Regardless of whether the matter was stayed when the court entered the order of dismissal, the order of withdrawal is not compliant with the rule. Although prior versions of the rule have permitted the withdrawing attorney to serve copies of the order upon the client, see I.R.C.P. 11.3(c)(1) (2013), in 2016 the rule stated that “the clerk of the court will serve on all parties, including the party represented by the withdrawing attorney, an order permitting an attorney to withdraw.” I.R.C.P. 11.3(c)(1) (2016). Here, the order is not compliant with the rule because it requires Browning, not the clerk, to serve copies of the order upon Nunez.

For these reasons, it is readily apparent that the district court relied on a prior version of the rule in issuing the order allowing withdrawal. It cannot be said that the court strictly complied with I.R.C.P. 11.3 where it clearly relied on a prior version of the rule. Accordingly, the order of dismissal is void.

C. Attorney Fees

Nunez argues she is entitled to attorney fees pursuant to Idaho Code § 12-121 because Johnson's opposition is frivolous. Likewise, Johnson argues he is entitled to attorney fees pursuant to I.C. § 12-121 because Nunez mischaracterized the nature of the appeal, and misstated the standard of review.

I.C. § 12-121 provides:

In any civil action, the judge may award reasonable attorney's fees to the prevailing party or parties when the judge finds that the case was brought, pursued or defended frivolously, unreasonably or without foundation. This section shall not alter, repeal or amend any statute that otherwise provides for the award of attorney's fees. The term “party” or “parties” is defined to include any person, partnership, corporation, association, private organization, the state of Idaho or political subdivision thereof.

Additionally, we have stated:

Where the appellant fails to present any significant issue on appeal regarding a question of law, where no findings of fact made by the trial court are clearly or arguably unsupported by substantial evidence, where we are not asked to establish any new legal standards or modify existing ones, and where the focus of the case is on the application of settled law to the facts, the appeal is deemed to be without foundation. Under those circumstances, attorney fees should be awarded to the respondent.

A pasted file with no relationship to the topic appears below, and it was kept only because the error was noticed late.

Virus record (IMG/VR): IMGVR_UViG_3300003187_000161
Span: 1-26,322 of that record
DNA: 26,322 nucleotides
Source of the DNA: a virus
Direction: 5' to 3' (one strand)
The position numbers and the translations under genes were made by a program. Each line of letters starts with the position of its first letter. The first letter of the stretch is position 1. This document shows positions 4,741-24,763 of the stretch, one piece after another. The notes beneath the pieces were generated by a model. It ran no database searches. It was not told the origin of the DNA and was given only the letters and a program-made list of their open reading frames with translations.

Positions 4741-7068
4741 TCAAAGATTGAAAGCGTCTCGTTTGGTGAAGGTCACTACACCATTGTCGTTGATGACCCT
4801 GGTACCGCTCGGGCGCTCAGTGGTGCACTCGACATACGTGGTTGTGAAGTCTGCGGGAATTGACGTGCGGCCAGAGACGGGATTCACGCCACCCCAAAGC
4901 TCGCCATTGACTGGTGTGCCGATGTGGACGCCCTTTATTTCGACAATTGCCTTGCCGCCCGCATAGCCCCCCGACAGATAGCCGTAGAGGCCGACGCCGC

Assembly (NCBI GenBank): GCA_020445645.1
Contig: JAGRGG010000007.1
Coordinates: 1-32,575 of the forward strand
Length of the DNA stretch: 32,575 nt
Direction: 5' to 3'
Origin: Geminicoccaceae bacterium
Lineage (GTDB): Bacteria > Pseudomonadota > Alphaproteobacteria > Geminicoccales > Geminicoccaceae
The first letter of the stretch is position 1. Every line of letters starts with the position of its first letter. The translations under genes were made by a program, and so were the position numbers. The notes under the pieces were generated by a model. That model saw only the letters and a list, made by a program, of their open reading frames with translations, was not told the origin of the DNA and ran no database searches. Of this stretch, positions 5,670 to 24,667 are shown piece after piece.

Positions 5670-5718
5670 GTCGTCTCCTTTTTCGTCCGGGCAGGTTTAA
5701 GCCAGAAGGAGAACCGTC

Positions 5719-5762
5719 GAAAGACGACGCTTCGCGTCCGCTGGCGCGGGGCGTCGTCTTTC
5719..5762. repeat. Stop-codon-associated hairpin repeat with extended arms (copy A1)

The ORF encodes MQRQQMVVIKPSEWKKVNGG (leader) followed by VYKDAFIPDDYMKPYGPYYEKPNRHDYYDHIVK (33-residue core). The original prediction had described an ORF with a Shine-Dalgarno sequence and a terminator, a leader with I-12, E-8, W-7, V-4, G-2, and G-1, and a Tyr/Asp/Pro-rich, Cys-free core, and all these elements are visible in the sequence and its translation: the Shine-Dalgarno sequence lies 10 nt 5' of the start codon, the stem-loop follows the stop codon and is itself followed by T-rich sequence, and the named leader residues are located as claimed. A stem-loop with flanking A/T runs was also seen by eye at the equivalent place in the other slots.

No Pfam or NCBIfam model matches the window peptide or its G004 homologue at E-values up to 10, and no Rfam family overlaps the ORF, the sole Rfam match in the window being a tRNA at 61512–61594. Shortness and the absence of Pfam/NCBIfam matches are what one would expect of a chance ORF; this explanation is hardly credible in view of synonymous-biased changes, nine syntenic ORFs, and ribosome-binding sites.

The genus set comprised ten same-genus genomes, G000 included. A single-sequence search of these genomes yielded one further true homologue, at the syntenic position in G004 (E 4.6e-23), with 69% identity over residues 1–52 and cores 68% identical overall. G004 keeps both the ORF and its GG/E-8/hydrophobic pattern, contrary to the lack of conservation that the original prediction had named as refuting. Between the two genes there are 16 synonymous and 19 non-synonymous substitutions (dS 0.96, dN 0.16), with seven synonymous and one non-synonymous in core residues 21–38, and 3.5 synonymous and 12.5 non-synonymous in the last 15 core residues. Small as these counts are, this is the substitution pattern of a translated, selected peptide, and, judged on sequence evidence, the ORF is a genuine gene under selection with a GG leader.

Troche v. Gier, 118 Idaho 740, 742, 800 P.2d 136, 138 (Ct. App. 1990).

In this instance, neither party is entitled to attorney fees. Nunez did not fail to present any significant issue on appeal. As discussed above, Nunez argued and we agreed that I.R.C.P. 11.3(b)(1) demands strict compliance and that subsequent judgments entered against the party whose attorney withdrew without strict compliance with I.R.C.P. 11.3(b)(1) are void. Moreover, we agreed with Nunez that the order of dismissal is void because the order allowing withdrawal failed to strictly comply with I.R.C.P. 11.3(c)(1). Likewise, Johnson reasonably argued for modification of our standard of review. Accordingly, we decline to award attorney fees.

III.

CONCLUSION

The order of dismissal is void pursuant to I.R.C.P. 60(b)(4) because Browning failed to strictly comply with the requirements of I.R.C.P. 11.3(b)(1) and I.R.C.P. 11.3(c)(1). The district court should have granted Nunez's motion to set aside the order of dismissal with prejudice. Accordingly, the district court's order denying Nunez's motion to set aside the order of dismissal is reversed and remanded for further proceedings consistent with this opinion. Neither Nunez nor Johnson is entitled to attorney fees on appeal. Costs to Nunez.

FOOTNOTES

1.   The Supreme Court has held that whether a judgment is void is a question of law subject to de novo review. Skinner, 157 Idaho at 931, 342 P.3d at 743.

2.   The rules now enumerated in I.R.C.P. 11.3 were previously contained in I.R.C.P. 11(b). Our prior cases required strict compliance with Rule 11(b)(3) specifically, which corresponds with Rule 11.3(c) in the rules as presently constituted.

GRATTON, Chief Judge

Judge HUSKEY and Judge LORELLO concur.